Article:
Choline is an essential nutrient for memory and brain health. Choline is a precursor to the neurotransmitter acetylcholine, which contributes to healthy and efficient brain processes. As we age, our body’s natural choline output declines, and its neurochemical action weakens. You can eat choline-rich foods to increase your production of acetylcholine, which will improve your brain power.
Choline is a nutrient in the vitamin B complex that the body needs in small amounts to function and stay healthy. Choline helps cells make membranes, make a neurotransmitter (a chemical that helps nerve cells communicate with other cells), and remove fat from the liver. It is found in whole milk, beef liver, eggs, soy foods, and peanuts. Choline is water-soluble (can dissolve in water) and must be taken in every day. Not enough choline can cause diseases of the heart and blood vessels and damage to the liver. A form of choline is being studied in the treatment of some types of cancer and to reduce pain and fever. Choline is also being studied together with vitamin B12 in the prevention and treatment of cancer.
Choline is an essential nutrient. The body produces some choline, but not all that the body requires. You may add choline to your diet either through food or by taking supplements. This substance may be used to protect the liver, improve memory and treat high cholesterol. Some food sources of choline include: milk, eggs, peanuts, beef liver, beef, salmon, cod, shrimp, broccoli, brussels sprouts, wheat germ, peanut butter and milk chocolate. There are a variety of supplements that contain choline available. The additional names that choline may go by include: tetra-methylglycine, phosphatidylcholine, CDP-choline, citicoline and polyenylphosphatidylcholine (PPC).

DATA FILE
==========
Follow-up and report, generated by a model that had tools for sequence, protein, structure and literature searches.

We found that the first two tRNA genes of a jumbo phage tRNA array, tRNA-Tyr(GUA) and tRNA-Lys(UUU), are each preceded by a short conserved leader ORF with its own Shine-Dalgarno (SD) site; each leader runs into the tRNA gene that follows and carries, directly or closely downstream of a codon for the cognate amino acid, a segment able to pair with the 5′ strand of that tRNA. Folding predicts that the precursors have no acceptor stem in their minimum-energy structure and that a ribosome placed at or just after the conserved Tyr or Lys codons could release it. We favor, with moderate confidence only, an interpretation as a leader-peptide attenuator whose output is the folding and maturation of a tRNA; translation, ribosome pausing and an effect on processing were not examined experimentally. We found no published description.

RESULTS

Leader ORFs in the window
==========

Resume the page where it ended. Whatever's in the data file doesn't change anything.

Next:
Choline is one that shows promise. Found in protein-rich food such as eggs, it is needed by everyone for the production of cell membranes and for making the neurotransmitter acetylcholine, which affects memory. Pregnant women must also consume choline to support the rapid production of fetal brain cells.
Choline is an essential nutrient needed for the synthesis of membrane phospholipids and the neurotransmitter acetylcholine. Inadequate intake can lead to health problems, including liver damage. Choline also serves as a precursor for the formation of the methyl donor betaine, which is involved in the conversion of homocysteine to methionine and is important for renal function.
Choline requirements are affected by gender, stage of development, and folic acid and vitamin B12 intakes. Accurate assessment of dietary choline intake has only recently become possible as a result of the development of a USDA database on the choline content of foods.
Choline is found in a wide variety of foods that contain membranes, such as eggs and organ meats. The only other source of choline is the body’s production of phosphatidylcholine; however, this production is inadequate to meet the body’s choline needs. While the ubiquitous distribution of choline in foods prevents overt choline deficiency in most of the population, research suggests that choline requirements may be greater than the current Dietary Reference Intakes for a significant portion of the population, probably due to genetic differences.
Choline contains three methyl groups attached to the nitrogen in ethanolamine. It is essential for normal functioning of all cells.2 Choline is found as phosphatidylcholine in the phospholipid bilayer of cell membranes and in sphingomyelin, a critical component of the myelin sheath that surrounds nerve fibers. Phosphatidylcholine makes up more than 50% of the phospholipid in most membranes.3 Choline is also a component of acetylcholine, an important neurotransmitter.